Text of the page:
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Reviews » DVD Video Reviews » Witch Hunter Robin - Fugitive (Vol. 4)
Witch Hunter Robin - Fugitive (Vol. 4)
Bandai // Unrated // April 27, 2004
List Price: $29.98 [Buy now and save at Amazon]
Review by Don Houston | posted May 23, 2004 | E-mail the Author
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C O N T E N T
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A U D I O
E X T R A S
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A D V I C E
Highly Recommended
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Movie: Anime stories about super powered youth are plentiful, to be sure. Shows that explore the themes surrounding such youth often approach the subject matter in a variety of ways, depending on what issues the creators want to address. Much of the time, themes involving alienation, sub-cultures, fitting in, and responsibility versus rights are but a few of the aspects addressed in such shows. Most of the time, the deeper meaning being looked at relates to issues of race relations as well. In the latest show released by Bandai, Witch Hunter Robin: Fugitive, we get to observe a series looking at the issues involved with super powerfully endowed humans as a metaphor for those different than the norm.

The show is set in the near future and centers on a young gal, Robin Sena, who has the ability to start fires and direct the energy from them as a weapon. She belongs to an organization, the STN, which trains such youth to act as "hunters" who use their powers to track and kill similarly gifted individuals that use their powers for personal gain or to harm people. She is sent to a branch office of the group, in Japan, where she replaces a team member that died 6 months prior. Not much is known about the young gal but it's clear she has an agenda and no one is quite sure what to make of her. The unofficial leader of the group is an older male, Amon, who is in his mid 20's. He is less social than average and doesn't like Robin's seemingly dangerous inexperience. Miho Karasuma is another senior team member-one who can sense thoughts or events by touching objects, Michael Lee-a computer hacker, Haruto Sakaki-another rookie to the team, and Yuriko Dojima-a flighty rich gal who doesn't take life seriously. Their immediate supervisor is Chief Kosaka, a grumpy old guy, and the top man at the STNJ branch is a mysterious man named Zaizen who knows more about what's going on then everyone else put together but doesn't share his information.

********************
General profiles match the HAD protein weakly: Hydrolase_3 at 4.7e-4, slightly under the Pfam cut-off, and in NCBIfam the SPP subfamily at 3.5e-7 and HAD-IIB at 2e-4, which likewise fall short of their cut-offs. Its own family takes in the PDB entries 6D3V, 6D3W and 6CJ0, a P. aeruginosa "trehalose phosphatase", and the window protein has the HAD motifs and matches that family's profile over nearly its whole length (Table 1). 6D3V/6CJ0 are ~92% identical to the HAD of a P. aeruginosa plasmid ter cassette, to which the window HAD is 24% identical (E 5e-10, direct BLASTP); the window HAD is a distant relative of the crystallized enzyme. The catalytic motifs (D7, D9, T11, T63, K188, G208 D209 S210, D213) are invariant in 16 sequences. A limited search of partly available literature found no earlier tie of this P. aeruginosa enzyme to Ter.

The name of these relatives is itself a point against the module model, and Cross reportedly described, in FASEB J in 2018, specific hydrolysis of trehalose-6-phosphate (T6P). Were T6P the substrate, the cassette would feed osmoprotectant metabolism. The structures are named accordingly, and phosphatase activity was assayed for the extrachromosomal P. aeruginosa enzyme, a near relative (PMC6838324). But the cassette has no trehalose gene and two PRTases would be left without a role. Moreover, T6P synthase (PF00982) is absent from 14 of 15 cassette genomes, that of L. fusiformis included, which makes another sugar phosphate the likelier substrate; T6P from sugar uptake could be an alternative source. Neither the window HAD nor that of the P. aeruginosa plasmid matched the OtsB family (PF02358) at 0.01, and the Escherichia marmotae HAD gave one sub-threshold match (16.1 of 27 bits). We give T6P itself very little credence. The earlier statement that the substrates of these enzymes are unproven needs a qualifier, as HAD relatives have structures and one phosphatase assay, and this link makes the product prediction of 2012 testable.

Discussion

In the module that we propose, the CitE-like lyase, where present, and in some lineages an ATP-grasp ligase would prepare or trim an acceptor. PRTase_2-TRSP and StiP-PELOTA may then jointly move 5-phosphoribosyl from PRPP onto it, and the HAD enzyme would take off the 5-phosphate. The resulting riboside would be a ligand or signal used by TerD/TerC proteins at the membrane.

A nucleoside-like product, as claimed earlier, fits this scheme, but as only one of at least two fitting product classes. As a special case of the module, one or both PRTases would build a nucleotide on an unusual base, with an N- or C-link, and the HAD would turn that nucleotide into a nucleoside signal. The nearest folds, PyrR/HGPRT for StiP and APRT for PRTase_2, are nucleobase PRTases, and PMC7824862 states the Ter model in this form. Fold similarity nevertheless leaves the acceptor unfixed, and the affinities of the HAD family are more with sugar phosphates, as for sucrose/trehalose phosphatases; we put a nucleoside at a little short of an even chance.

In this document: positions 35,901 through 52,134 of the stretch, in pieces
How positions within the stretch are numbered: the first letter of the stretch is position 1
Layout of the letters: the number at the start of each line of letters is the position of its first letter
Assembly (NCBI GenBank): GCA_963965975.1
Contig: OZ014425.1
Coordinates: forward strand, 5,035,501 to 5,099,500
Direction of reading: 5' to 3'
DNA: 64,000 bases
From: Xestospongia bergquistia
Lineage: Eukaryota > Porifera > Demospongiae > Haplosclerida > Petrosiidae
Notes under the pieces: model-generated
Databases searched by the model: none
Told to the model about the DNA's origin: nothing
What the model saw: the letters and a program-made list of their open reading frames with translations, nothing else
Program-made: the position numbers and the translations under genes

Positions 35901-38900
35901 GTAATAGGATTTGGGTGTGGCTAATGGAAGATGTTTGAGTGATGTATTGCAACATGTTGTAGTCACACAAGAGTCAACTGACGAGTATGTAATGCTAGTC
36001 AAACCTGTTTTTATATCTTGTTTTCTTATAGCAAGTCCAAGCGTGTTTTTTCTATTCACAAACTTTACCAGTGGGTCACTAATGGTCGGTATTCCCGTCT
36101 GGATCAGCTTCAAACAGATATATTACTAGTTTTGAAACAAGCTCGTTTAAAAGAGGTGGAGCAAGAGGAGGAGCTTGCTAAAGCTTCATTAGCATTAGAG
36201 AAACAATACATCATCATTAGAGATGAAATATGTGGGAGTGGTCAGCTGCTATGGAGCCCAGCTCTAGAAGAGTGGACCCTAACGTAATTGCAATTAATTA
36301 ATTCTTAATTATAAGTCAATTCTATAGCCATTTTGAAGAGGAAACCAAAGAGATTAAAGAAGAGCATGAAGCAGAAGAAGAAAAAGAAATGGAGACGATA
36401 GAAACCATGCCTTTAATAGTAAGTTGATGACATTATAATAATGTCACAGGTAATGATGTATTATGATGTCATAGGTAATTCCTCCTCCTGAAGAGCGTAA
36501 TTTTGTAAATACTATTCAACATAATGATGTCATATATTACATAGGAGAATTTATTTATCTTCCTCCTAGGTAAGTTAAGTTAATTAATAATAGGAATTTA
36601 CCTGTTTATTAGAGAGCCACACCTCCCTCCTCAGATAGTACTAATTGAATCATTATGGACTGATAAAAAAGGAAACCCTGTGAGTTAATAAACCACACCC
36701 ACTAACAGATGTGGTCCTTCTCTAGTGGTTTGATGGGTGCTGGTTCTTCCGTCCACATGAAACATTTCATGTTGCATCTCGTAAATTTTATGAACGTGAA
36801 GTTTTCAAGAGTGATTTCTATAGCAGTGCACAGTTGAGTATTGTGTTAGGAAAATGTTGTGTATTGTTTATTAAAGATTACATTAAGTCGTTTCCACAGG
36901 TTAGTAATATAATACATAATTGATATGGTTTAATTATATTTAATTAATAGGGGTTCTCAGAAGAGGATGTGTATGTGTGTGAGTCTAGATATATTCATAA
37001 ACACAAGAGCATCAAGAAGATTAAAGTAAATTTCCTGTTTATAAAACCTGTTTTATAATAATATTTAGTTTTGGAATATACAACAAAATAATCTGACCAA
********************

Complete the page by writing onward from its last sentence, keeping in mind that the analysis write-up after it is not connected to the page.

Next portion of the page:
The team is sent on missions to confront "witches", those who use their powers to break the law. In a sense, the show is a cop show with the added dimension of the paranormal powers involved. STNJ, the Japanese branch of the organization, does things a bit differently in that they don't seek to kill the witches but to capture them using a green liquid (orbo) that nullifies the witch's powers. Generally shot through a gun-like weapon, the orbo is expensive and weakens the hunters' powers too. Each episode seems to focus on a single mission and the variations on the "hunt down those who are just like us" play out a bit each time.

Episode Fifteen: Time To Say Goodbye:
After the attack on Robin in her apartment, she stays at STNJ headquarters, arguably the most secure place she could stay. Kosaka seems to know something and loudly disapproves of this idea, but the worst surprise comes when Zaizen appears to be in on the conspiracy. Robin's life is in grave danger and the team helps her when she is attacked again, at STNJ headquarters, after they begin digging into the identity of the assassins.